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All We’ve Surveyed: Five Years After the Gold King Mine Spill

By Laura Paskus

Five years ago, crews reopening an abandoned mine in the mountains of southern Colorado breached a containment wall, spewing three million gallons of mining waste into a tributary of the Animas River.

Given the mine’s alpine location—which averages 15 feet of snow each year—fieldwork is limited and conditions can change drastically between seasons. Tasked with cleaning up the mine’s mess, contractors hired by the U.S. Environmental Protection Agency were trying to open up the mine adit, which was flooded with a burnt orange toxic soup that had simmered for decades and decades.

The Gold King Mine shut down in 1923, but operated continuously from 1886 until 1917—producing more than 650,000 tons of ore each year in the quest for grams of gold, silver, lead and copper.

On the morning of August 5, 2015, the excavator operator hit what he thought was a “spring.” After just a few minutes, the water reportedly turned from clear to red to orange, spurting into the air, inundating the contractor’s truck and blowing over the access road. That acid mine drainage—full of cadmium, lead, zinc, mercury, iron, and manganese—roared down the North Fork of Cement Creek, and then into the Animas River.

The Animas River on August 6, 2015. Photo courtesy of the San Juan Citizens Alliance

Living just a few miles south of New Mexico’s border with Colorado, Susan Palko-Schraa remembers hearing about the spill that August day. Then, she and her husband waited for the sludge to come down the Animas River past their home.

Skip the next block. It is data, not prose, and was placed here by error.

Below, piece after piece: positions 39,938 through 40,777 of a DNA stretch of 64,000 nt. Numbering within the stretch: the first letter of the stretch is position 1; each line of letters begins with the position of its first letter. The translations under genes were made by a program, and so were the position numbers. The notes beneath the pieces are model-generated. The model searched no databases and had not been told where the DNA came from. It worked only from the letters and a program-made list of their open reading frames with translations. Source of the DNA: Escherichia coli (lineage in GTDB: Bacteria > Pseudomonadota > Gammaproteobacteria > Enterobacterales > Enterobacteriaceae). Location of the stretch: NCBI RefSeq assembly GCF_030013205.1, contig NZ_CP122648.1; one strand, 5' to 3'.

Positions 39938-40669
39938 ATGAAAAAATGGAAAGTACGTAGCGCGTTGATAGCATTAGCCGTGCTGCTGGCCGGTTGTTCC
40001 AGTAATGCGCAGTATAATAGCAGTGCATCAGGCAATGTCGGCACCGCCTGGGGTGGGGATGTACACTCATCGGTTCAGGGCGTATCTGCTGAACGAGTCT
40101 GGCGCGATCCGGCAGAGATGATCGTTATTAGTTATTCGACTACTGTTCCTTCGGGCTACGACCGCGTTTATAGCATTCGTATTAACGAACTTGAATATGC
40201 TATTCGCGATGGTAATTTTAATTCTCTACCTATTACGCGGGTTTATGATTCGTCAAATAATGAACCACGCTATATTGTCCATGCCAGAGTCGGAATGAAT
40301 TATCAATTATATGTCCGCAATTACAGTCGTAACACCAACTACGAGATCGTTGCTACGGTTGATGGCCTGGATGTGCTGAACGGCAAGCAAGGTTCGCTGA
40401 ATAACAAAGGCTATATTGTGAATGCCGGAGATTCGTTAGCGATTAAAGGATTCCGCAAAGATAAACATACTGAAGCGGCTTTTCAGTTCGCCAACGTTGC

“It was late afternoon, and we were standing right by the river,” Palko-Schraa says today. “Originally there was just maybe a foot wide of orange in the middle of the current, and you could trace it where the current went.”

The orange stripe widened. But as dusk fell, she thought maybe it wouldn’t be that bad.

Then the entire river turned a neon orange.

In the aftermath of the Gold King Mine spill there were lawsuits, including by the state of New Mexico and the Navajo Nation against the EPA, whose contractors caused the spill. There was also funding for studies. Early on, to see how fish and wildlife were affected by the spill and to understand changes in the water’s chemistry. There were also longer-term studies to see how the spill might have affected groundwater.

Palko-Schraa and her husband became involved in a citizens advisory committee convened by the New Mexico Environment Department. Over the course of two years, there were monthly meetings; neighbors asked questions and scientists presented their findings.They also joined a state study to see if the spill affected the local aquifer.

For two years, hydrologist Talon Newton with the New Mexico Bureau of Geology sampled about two dozen private wells in the Animas Valley, including the Palko-Schraa’s. With funding from the EPA, the state wanted to better understand the groundwater systems in the area, and how they interact with the river and irrigation canals. Newton and his crew also wanted to know if the spill affected the shallow groundwater resources. “The good news is we didn’t see any obvious impacts from the Gold King Mine spill,” says Newton.

They weren’t the only ones looking for answers. The Animas flows into the San Juan River, which winds across the western Navajo Nation.

Karletta Chief, a hydrologist with the University of Arizona’s Environmental Science Department, tested more than 60 households in three Navajo communities—Aneth, Utah and Shiprock and Upper Fruitland in New Mexico—looking for lead and arsenic, which can have long term health impacts. With her team of researchers from the University of Arizona, Northern Arizona University and the Navajo community, she also convened focus groups, and for years afterward, talked to Diné farmers who rely upon the waters of the San Juan. 

“We found that there are over 40 different ways that the Navajo people use the San Juan River,” she says, “not just for recreation, not just for farming, but they also use it for culture, for spiritual practices, for arts and crafts and many more.”